It is generally known that the West Coast's once-great commercial fishing industry has fallen on hard times, but as Alan Haig-Brown demonstrates in this new book, reports of its demise are exaggerated. A veteran of the industry himself, Haig-Brown here offers a "state of the industry" report, discovering pockets of surprising activity among the vistas of closed processing plants, downsized fleets and corporate concentration.
The Ray Phillips family of Pender Harbour continue to support a second generation by fishing halibut and black cod. Albert Radil and his two brothers have found success trawling hake in Queen Charlotte Sound. Seiner John Lenic is taking advantage of the miraculous reappearance in BC waters of the pilchard, once thought extinct.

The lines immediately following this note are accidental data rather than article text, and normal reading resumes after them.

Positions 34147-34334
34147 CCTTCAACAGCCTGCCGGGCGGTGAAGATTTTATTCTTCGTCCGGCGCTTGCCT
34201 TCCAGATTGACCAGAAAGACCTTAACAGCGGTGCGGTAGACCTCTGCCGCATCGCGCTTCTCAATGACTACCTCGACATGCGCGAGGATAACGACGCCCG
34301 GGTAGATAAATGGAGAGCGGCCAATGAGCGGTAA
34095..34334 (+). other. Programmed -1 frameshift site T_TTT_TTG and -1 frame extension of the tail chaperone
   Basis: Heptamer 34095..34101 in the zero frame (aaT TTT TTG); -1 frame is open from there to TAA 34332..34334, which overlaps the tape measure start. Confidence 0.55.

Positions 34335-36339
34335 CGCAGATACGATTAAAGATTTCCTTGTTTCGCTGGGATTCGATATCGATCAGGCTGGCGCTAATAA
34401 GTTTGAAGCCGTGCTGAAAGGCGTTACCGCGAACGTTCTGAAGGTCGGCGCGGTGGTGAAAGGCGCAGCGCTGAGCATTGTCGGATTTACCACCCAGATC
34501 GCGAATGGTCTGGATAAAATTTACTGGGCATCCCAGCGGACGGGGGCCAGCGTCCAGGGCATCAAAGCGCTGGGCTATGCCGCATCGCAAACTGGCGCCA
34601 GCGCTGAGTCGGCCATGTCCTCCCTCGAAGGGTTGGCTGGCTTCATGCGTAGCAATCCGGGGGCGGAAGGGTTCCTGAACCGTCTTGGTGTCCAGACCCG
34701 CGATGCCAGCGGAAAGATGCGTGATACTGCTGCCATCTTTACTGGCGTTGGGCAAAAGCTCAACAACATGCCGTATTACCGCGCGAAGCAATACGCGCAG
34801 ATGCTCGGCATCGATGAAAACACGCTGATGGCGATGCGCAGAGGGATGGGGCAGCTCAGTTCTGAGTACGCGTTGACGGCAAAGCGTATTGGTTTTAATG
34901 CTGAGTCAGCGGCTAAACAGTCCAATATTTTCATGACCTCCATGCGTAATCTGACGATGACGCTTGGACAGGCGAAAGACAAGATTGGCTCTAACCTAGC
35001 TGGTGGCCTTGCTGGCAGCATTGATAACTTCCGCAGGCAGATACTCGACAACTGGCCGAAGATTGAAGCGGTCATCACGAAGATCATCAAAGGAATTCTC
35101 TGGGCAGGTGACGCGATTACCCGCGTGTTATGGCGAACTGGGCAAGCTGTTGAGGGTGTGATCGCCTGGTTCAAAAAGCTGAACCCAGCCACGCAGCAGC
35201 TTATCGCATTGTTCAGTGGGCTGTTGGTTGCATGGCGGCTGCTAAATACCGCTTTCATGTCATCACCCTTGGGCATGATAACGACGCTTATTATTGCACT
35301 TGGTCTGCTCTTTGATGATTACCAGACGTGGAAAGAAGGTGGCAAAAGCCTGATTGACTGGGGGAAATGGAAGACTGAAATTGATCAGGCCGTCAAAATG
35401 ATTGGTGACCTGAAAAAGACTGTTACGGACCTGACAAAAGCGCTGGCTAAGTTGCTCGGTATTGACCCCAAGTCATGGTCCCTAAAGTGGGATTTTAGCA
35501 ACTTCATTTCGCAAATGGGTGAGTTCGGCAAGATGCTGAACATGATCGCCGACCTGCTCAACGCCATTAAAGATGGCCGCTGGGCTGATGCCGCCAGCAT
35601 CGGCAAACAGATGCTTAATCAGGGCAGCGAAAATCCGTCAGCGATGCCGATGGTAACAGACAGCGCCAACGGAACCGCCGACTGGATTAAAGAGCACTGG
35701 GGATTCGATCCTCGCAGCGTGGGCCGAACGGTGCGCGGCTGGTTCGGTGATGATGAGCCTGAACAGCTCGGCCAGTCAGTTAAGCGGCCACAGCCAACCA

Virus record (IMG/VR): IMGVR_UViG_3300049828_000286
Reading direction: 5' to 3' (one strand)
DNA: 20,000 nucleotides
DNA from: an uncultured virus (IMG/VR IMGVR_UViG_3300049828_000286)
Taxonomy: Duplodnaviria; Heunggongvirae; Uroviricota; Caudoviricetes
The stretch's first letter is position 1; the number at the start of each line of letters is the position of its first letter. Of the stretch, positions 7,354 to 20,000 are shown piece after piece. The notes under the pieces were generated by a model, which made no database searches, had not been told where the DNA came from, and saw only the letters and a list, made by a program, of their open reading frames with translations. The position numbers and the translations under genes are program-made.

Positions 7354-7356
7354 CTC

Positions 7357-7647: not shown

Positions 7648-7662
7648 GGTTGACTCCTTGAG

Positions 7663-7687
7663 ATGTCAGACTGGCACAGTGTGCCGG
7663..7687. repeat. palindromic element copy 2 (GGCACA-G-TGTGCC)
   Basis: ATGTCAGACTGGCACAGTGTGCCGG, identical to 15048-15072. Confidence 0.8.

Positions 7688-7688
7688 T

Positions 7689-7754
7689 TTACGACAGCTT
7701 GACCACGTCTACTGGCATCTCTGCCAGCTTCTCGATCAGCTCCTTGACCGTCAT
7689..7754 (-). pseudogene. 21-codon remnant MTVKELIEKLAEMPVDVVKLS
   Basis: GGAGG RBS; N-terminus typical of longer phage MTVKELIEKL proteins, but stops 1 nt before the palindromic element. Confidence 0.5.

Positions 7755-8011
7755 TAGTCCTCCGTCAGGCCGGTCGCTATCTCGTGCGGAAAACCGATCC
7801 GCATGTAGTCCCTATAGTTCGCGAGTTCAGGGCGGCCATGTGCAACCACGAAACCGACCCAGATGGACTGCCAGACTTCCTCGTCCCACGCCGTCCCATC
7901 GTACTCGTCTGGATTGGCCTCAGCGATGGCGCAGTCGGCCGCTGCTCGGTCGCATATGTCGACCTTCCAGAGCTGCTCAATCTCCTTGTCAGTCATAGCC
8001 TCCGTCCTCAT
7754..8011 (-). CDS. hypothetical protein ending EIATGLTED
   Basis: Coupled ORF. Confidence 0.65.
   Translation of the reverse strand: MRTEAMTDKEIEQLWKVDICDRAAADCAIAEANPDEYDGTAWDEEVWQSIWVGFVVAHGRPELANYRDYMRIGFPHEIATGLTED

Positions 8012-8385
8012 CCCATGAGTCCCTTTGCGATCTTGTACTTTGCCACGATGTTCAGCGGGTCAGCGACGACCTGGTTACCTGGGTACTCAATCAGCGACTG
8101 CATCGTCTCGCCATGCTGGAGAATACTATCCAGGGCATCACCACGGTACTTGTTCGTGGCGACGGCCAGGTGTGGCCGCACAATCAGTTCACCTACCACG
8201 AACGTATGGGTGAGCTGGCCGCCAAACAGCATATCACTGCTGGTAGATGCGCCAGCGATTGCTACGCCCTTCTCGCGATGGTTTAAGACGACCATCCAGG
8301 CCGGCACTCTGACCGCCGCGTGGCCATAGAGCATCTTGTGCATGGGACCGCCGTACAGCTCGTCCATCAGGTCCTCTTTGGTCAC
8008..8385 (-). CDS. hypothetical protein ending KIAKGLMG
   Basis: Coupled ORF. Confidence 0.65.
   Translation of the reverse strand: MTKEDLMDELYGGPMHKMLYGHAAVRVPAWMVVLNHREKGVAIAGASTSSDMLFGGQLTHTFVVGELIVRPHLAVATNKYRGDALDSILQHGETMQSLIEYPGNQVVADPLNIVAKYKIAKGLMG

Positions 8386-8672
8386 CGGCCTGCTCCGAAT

Former Vietnamese "boat person" Lon Truong hopes to finance a triumphant return to the Mekong Delta by trawling BC shrimp. The Assu brothers of Campbell River still seine chum salmon in the same Johnstone Strait tide rip their father used to fish, as did many generations of Assu ancestors before them, but they have to work fast to get their work done in the near-impossible 12-hour time limit set by the DFO.
In Haig-Brown's story of the west coast fishery, boats get equal time with people and fish. He laments the destruction of some historic old seiners, just as he relishes the preservation of an old Finn Slough gillnetter named the Eva and approves the activities of fishboat superfan Randy Reifel, who uses his considerable wealth to buy up endangered boats and keep them in working order.
Is the whole fishing industry now on life support? It seems to be headed that way, but this book offers many practical and persuasive reasons why it doesn't have to be.